The Secret Life of Flores – Indonesia
The Secret Life of Flores
World class diving, snorkelling above colourful reefs off tiny coral atolls in seas more shades of blue than there are adjectives for in the Oxford English Dictionary, ikat weaving, traditional villages, hot springs, komodo dragons, active volcano trekking, breathtaking volcanic lakes.
Flores may be one of the less frequently visited islands in eastern Indonesia, but it still has a very well defined tourist trail taking in all of the above and more. The trail follows the amusingly named Trans-Flores Highway, winding and often little more than single track in places, using dilapidated but frighteningly fast 23-seat minibuses.
“young men and maidens”
Armed with four pages cut from an out of date guide to South East Asia and a recently acquired 2000 word vocabulary in Bahasa Indonesia, I flew from Bali to Maumere in the east of Flores, then spent a leisurely three weeks making my way back by bus and boat. Very high on my list of “must-sees” were the two sets of coloured volcanic lakes, three at Kelimutu near Moni, and five at Wawo Muda near Bajawa.
Kelimutu. Day One. 3.30 a.m. It looked promising. Wrong. By the time we reached the main viewpoint at 4.30, we were surrounded by clouds which had come down like a grey blanket. Worse, it was wet. If you’re English, we had mizzle, hanging drizzle, penetrating drizzle and light rain in the space of half an hour. If you’re not English, it just rained. The nearest lake, dark green in colour, condescended to make an appearance beneath us for about thirty seconds.
The enchanted lake
Day Two. 3.30 a.m. Filled with expectation I answered the knock on my door to find that it was raining. Actually, it was hosing down. I smiled at the driver and said, “Tidak mau ke atas, tidak ada guna, mau tidur lagi.” (Literally, “not to want to up, not have use, to want to sleep again” – it’s such an easy language to learn.) At 6.00 he knocked again. It had almost stopped raining, but cloudbase was still below the village and Kelimutu was several hundred metres above, so I went back to bed. The other guests, rather more pressed for time, did go up. Later, over breakfast, they reported that they had briefly seen just part of the dark green lake. I tried not to feel smug.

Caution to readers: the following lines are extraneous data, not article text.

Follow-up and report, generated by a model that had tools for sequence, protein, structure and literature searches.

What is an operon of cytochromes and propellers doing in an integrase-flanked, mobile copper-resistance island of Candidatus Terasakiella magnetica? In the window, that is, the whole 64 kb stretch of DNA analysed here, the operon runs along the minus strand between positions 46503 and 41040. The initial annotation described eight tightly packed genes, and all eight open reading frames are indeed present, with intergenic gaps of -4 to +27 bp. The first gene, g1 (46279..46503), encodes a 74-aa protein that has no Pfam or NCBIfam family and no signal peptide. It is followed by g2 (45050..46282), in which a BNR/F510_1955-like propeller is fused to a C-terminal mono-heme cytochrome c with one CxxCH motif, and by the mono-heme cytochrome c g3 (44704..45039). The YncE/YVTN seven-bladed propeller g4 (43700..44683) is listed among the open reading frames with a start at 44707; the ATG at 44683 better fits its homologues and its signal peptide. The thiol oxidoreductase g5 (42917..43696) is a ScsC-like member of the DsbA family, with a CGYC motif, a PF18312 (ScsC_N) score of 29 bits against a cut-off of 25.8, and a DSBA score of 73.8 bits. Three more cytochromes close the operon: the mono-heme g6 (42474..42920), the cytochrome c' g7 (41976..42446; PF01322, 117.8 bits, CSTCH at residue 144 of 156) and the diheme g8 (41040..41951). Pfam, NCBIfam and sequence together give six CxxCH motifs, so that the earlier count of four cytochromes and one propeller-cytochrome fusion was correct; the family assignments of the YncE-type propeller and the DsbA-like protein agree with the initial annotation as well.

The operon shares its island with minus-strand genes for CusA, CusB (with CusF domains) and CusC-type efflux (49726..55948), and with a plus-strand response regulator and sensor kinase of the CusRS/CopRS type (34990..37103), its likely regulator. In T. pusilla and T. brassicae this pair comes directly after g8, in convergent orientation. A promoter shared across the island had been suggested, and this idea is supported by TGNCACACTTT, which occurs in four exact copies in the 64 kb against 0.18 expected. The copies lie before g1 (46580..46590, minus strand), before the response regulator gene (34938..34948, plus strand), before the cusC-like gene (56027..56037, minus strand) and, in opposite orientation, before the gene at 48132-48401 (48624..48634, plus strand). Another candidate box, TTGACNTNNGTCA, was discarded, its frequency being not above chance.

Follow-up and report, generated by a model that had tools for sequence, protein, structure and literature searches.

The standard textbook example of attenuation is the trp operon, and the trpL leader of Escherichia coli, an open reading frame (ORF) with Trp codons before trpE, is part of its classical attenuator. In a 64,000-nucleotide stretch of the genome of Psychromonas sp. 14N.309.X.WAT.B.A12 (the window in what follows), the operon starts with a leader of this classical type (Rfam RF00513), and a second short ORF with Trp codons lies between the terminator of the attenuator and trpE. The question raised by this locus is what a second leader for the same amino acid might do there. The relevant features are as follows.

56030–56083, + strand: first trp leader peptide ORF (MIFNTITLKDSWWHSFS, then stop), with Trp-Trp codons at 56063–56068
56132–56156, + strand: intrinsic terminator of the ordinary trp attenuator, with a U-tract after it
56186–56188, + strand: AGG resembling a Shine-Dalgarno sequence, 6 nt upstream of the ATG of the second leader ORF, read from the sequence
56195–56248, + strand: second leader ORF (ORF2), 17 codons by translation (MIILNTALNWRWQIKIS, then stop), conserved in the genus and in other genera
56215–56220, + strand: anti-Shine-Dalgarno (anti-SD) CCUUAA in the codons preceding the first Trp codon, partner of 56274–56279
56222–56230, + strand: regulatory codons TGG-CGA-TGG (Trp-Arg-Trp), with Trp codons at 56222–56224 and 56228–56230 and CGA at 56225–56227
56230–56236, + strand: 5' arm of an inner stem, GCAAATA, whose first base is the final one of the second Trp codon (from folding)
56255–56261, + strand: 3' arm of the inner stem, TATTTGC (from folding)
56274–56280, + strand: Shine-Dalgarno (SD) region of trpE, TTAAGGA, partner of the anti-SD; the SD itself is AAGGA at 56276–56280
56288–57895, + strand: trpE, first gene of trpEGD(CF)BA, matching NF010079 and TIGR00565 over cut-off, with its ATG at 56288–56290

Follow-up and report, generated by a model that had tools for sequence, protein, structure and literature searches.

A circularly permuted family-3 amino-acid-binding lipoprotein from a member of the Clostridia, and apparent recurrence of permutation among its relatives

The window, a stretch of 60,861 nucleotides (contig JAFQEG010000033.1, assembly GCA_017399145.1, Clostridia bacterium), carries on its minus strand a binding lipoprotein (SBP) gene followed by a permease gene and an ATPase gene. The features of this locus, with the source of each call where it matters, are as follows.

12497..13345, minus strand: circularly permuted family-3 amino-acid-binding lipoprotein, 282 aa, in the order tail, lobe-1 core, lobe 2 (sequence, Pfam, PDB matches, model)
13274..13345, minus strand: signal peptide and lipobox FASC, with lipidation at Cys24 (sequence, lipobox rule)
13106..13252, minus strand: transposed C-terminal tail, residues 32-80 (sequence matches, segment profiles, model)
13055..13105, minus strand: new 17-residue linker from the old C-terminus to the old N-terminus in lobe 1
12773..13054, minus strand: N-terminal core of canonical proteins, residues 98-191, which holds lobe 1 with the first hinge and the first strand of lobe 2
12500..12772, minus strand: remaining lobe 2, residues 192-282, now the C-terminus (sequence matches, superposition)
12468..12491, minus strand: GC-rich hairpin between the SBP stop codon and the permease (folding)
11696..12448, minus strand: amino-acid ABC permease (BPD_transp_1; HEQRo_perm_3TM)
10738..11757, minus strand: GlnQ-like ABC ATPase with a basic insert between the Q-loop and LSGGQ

Day Three. 3.30 a.m. Again. At last it looked as if my patience was about to be rewarded. In the car park below the summit we stopped for a cup of something that was almost, but not entirely, quite unlike coffee. “This coffee tastes like mud!” “That’s strange, sir. It was only ground this morning.” A shooting star streaked to its oblivion overhead, and one of the locals told me it was a sign that we’d have a good view of the lakes. The complete absence of clouds suggested there was little chance he’d be proved wrong.
“Lake of the Elders”
We walked up by torchlight and arrived at the viewpoint just as the eastern sky was beginning to brighten. In the soft early morning light we could finally see all three lakes. The nearest is called Tiwu Nua Muri Koohi Fah (TiN), or “the lake of young men and maidens”. As on day one, it was a very deep green. It used to be turquoise. Beyond, only just visible, Tiwu Ata Polo (TAP), the “enchanted (or bewitched) lake” looked like black coffee. Over time, it has been deep green through maroon to very dark brown. Behind us, Tiwu Ata Mbupu (TAM), “the lake of elders” was jet black.
By 7.00, most of the visitors were walking back to the car park, unwilling to face a 13km hike down the mountain later. A few of us elected to stay. Then the sun hit TiN. The dark green was magically transformed to a milky jade. Wisps of steam played on its surface. On the far side, the water appeared to be moving as if heated up from below. Once in sunlight, TAP changed from dark coffee to hot chocolate (actually, at 35°C, more like tepid chocolate). And TAM, its surface completely still, now looked exactly like a famous cola.
TiN in the sun